Tuesday, December 4, 2012

Why Trying To Manipulate Employee Motivation Always Backfires | Fast Company

Why Trying To Manipulate Employee Motivation Always Backfires

[Image: Flickr user Andrew Miller]

CEOs have two levers they pull on a regular basis to influence their organizations. The first lever adds to, or takes away from, strategic intentions. The second one controls the hiring of key talent to ensure that the right people are in the right seats.

Levers work well for many of the factors that impact business success; but one area--employee engagement--resists “leveraging.” Even after a decade of trying, organizations as a whole have made little progress on improving employee engagement. Disengagement still stands at about 70 percent, the same as when Gallup first started publishing data on the topic in the late '90s.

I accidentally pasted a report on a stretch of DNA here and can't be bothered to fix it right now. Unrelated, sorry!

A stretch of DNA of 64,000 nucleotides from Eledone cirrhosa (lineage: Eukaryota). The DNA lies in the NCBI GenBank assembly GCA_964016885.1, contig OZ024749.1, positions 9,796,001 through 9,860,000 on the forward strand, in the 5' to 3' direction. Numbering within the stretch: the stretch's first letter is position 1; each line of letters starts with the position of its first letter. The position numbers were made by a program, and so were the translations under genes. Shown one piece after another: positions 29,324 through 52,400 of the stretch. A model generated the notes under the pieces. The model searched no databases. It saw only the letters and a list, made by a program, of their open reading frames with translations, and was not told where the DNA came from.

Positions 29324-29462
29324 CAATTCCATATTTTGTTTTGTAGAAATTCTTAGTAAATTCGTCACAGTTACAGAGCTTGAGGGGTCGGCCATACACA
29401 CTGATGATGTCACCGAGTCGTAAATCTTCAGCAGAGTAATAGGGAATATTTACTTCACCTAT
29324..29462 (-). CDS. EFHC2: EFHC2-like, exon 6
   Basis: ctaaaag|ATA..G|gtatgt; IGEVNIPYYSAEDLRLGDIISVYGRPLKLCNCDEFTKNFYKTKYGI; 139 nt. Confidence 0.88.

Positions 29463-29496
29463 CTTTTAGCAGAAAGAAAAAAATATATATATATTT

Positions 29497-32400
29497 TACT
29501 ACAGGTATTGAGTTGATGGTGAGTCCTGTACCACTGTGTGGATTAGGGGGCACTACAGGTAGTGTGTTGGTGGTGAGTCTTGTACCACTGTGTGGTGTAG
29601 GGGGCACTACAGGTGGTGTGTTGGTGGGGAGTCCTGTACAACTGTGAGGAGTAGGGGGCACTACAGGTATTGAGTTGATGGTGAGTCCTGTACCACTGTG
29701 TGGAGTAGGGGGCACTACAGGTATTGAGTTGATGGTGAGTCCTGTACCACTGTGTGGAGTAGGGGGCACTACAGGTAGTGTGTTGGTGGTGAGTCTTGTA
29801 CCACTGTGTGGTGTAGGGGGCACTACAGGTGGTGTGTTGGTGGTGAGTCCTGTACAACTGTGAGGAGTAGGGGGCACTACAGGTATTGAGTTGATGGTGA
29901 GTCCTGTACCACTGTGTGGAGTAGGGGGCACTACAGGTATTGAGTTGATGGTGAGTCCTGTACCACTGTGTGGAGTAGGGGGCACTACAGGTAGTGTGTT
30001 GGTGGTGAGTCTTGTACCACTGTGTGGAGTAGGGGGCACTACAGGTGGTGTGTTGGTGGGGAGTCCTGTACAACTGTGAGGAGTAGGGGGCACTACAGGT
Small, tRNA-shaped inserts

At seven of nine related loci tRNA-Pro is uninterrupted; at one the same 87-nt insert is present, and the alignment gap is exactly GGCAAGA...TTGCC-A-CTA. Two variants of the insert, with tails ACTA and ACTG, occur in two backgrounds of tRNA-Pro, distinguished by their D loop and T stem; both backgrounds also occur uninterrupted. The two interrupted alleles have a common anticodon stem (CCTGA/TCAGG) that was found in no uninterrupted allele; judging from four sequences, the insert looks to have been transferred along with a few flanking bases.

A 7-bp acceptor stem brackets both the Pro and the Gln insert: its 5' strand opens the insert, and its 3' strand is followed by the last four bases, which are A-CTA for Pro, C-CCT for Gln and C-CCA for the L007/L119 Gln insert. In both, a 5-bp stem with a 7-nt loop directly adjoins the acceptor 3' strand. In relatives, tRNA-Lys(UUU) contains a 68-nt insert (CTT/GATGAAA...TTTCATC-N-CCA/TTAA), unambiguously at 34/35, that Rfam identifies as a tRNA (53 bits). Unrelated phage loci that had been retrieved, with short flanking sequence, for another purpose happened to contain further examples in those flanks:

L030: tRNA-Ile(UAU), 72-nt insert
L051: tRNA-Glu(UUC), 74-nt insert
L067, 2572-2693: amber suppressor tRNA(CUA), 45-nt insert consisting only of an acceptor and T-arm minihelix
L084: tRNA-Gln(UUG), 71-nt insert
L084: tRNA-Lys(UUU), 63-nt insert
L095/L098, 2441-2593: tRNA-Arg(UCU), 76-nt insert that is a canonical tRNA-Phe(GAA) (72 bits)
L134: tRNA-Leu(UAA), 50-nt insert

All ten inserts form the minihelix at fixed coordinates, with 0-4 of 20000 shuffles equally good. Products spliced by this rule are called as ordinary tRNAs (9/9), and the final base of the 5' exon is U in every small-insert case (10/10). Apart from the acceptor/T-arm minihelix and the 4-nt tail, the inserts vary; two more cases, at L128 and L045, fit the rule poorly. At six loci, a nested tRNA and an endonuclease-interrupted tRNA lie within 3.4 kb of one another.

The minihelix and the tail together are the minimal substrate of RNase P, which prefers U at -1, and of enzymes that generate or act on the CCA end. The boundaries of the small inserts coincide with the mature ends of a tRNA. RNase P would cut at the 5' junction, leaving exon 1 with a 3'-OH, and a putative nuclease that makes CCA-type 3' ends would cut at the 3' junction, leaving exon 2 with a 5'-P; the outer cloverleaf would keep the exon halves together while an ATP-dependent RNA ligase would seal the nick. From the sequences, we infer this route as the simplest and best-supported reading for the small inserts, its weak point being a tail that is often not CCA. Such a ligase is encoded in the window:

Why the struggle with improving this particular area? In short, it’s because you can’t control motivation. While traditional carrot-and-stick levers can influence behavior in the short term, they do not create the intentions to apply discretionary effort and work collaboratively that are required in today’s more sophisticated work environments.

It’s time for a change [Read the whole article...]

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